But the smartphone Apple introduced today (available Sept. 21 on AT&T, Sprint and Verizon Wireless for $199 and up on a two-year contract) brings less obvious changes worth discussing.
Most important among them: battery life, cited by Apple as eight hours of continuous Web browsing over LTE (Long Term Evolution). The Cupertino, Calif., company cites just six hours of 3G browsing on last year's iPhone 4S — making this the first time I can remember battery life improving with an upgrade from 3G to LTE.
Manufacturers of LTE Android phones that struggle to survive a day on a charge should be embarrassed by that.
Apple also thought differently (if you will) with the iPhone 5's larger screen. Instead of expanding it in every dimension — something Android vendors have been taking to extremes in devices such as Samsung's Galaxy Note and Galaxy Note II — Apple built up rather than out. That is, the iPhone 5's 4-inch, 1136 by 640 pixel display is taller but no wider than the 3.5-in. screens on older iPhones.
Apps not updated for these changed proportions will appear in letterboxed form; I expect that to be a temporary and swiftly fixed inconvenience. But I don't know that reading will ever feel much different with the phone held upright.
The iPhone 5's camera has the same 8-megapixel resolution as the one on the iPhone 4S, but Apple touts updated hardware and software that allow for quicker shots and better quality in low-light situations. Phone cameras have historically been awful in those aspects.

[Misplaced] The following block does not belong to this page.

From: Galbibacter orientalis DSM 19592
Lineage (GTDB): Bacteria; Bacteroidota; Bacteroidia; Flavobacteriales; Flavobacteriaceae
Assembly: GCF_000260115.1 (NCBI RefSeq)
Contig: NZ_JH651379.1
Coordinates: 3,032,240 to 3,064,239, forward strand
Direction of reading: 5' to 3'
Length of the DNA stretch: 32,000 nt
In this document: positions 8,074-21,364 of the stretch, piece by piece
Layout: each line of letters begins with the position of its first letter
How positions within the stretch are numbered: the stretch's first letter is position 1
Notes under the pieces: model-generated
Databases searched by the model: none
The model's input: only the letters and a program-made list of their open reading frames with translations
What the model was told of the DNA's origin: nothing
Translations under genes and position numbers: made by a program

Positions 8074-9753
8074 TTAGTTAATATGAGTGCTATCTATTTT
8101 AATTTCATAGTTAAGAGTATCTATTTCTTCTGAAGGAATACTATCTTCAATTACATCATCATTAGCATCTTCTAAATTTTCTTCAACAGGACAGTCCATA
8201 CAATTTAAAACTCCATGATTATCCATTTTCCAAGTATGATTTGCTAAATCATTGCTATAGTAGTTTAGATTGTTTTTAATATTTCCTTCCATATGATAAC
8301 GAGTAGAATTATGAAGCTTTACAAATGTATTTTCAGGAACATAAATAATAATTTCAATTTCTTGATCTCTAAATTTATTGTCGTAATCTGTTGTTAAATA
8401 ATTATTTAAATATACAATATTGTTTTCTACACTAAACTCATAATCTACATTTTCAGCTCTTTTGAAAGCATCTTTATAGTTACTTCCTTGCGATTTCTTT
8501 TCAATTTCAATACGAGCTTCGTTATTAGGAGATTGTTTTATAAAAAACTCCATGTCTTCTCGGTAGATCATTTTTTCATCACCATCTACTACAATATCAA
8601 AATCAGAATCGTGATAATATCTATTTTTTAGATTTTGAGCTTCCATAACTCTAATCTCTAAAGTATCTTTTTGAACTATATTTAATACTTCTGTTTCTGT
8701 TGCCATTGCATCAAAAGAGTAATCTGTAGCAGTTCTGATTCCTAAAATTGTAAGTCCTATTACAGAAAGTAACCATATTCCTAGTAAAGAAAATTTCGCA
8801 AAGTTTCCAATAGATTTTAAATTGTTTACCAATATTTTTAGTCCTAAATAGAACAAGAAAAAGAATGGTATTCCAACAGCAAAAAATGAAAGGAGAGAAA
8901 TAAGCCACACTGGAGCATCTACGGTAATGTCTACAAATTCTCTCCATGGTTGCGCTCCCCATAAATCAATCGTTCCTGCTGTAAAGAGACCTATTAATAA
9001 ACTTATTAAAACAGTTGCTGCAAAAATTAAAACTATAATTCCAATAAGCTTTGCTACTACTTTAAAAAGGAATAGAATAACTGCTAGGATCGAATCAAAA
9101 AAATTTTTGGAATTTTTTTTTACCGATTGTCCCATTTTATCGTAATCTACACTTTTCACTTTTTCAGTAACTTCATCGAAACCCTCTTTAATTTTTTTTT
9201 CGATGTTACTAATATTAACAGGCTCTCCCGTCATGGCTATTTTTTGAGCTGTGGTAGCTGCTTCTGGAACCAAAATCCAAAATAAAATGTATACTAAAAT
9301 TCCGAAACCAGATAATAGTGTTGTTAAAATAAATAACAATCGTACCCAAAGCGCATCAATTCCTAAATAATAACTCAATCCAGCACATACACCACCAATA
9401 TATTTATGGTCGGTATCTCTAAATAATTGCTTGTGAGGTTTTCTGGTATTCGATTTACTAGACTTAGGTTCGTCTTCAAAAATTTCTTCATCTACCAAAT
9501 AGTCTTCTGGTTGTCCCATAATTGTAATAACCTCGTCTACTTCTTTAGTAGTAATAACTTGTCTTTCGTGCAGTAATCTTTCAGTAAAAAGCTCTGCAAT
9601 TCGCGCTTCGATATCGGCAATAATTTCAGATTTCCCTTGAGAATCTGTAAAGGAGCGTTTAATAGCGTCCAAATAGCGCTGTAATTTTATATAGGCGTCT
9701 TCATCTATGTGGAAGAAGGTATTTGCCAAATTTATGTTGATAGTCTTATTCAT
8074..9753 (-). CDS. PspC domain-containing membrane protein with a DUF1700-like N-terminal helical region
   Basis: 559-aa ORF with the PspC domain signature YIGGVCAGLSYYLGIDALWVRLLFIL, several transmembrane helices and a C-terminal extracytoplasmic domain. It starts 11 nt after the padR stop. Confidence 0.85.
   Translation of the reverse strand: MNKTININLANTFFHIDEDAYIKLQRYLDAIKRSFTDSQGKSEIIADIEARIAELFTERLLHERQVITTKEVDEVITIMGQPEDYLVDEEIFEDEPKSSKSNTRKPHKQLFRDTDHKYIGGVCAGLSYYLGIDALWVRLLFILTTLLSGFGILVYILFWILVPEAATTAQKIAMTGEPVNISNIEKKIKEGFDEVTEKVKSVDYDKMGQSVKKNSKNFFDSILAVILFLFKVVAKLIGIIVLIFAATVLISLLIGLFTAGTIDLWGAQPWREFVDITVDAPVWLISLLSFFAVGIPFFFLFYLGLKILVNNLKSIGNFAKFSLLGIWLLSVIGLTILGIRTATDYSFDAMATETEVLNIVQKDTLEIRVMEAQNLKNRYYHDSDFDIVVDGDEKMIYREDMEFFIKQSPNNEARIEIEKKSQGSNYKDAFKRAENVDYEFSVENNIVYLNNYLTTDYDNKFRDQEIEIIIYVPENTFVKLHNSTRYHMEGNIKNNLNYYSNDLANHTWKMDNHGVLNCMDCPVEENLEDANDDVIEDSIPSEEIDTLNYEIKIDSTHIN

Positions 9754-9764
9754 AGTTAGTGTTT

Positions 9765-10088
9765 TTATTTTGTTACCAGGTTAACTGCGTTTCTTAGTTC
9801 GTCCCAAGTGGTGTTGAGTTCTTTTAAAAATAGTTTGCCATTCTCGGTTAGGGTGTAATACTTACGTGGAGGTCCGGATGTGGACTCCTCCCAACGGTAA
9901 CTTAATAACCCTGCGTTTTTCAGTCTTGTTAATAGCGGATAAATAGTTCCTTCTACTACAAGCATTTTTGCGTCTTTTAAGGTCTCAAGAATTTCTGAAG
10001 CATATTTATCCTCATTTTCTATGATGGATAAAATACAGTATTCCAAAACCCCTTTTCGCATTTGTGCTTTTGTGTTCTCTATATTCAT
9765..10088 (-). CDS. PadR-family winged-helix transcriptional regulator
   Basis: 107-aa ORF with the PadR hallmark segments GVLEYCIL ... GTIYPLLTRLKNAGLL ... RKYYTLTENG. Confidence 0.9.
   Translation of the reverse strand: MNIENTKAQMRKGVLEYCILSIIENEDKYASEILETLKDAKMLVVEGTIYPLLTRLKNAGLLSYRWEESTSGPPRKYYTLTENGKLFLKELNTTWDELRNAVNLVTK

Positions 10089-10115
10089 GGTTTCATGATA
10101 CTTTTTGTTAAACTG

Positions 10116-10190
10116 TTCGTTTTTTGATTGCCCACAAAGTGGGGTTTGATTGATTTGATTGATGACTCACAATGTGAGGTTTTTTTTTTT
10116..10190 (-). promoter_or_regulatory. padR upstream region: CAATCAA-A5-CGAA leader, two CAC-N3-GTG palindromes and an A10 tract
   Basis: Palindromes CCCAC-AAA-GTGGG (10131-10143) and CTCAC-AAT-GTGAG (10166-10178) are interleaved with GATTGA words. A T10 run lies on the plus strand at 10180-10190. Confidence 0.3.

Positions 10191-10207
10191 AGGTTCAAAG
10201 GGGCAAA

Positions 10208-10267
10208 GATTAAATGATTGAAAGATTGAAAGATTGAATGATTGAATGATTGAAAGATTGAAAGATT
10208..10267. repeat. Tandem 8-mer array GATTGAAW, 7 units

It also includes an instant-panorama mode that catches up to what Android phones have included for a while. Apple forgot to credit its competition for any inspiration.
The iPhone 5's designers somehow also made this device thinner and lighter than the 4S: about .3 inches thick, .07 thinner than its predecessor and just under 4 ounces, or about an ounce less than before.
But to pull off that triumph of miniaturization, Apple took a scalpel to compatibility.
The iPhone 5's new "Lightning" dock connector is, Apple says, "more durable" and works even if you plug it in upside down. But it doesn't work with the enormous universe of old cables, accessories, speakers and car kits without a $29 adapter that doesn't come in the box. If Apple was going to make that kind of switch, couldn't it have adopted the micro-USB standard everybody else uses?
On the inside, the iPhone 5 uses a "nano-SIM" card instead of the micro-SIM of the 4 and 4S. This makes the new model incompatible with existing SIM cards — all to save about .0037 cubic inches of space. That fact seems to have gone unmentioned in Apple's keynote (which went on to feature a badly needed refresh of its bloated iTunes application and a new line of iPods).
One more thing didn't get much attention in Apple's keynote, but maybe the company doesn't feel the need to brag about this anymore. With its history of consistent software updates for older iPhones — most will get the new model's iOS 6 software on Sept. 19 — Apple has given iPhone 5 buyers confidence that they, too, will be supported for years to come.
Android vendors have left their users with no such assurance. They should end their sorry habit of abandoning older phones before they race to make new ones any thinner.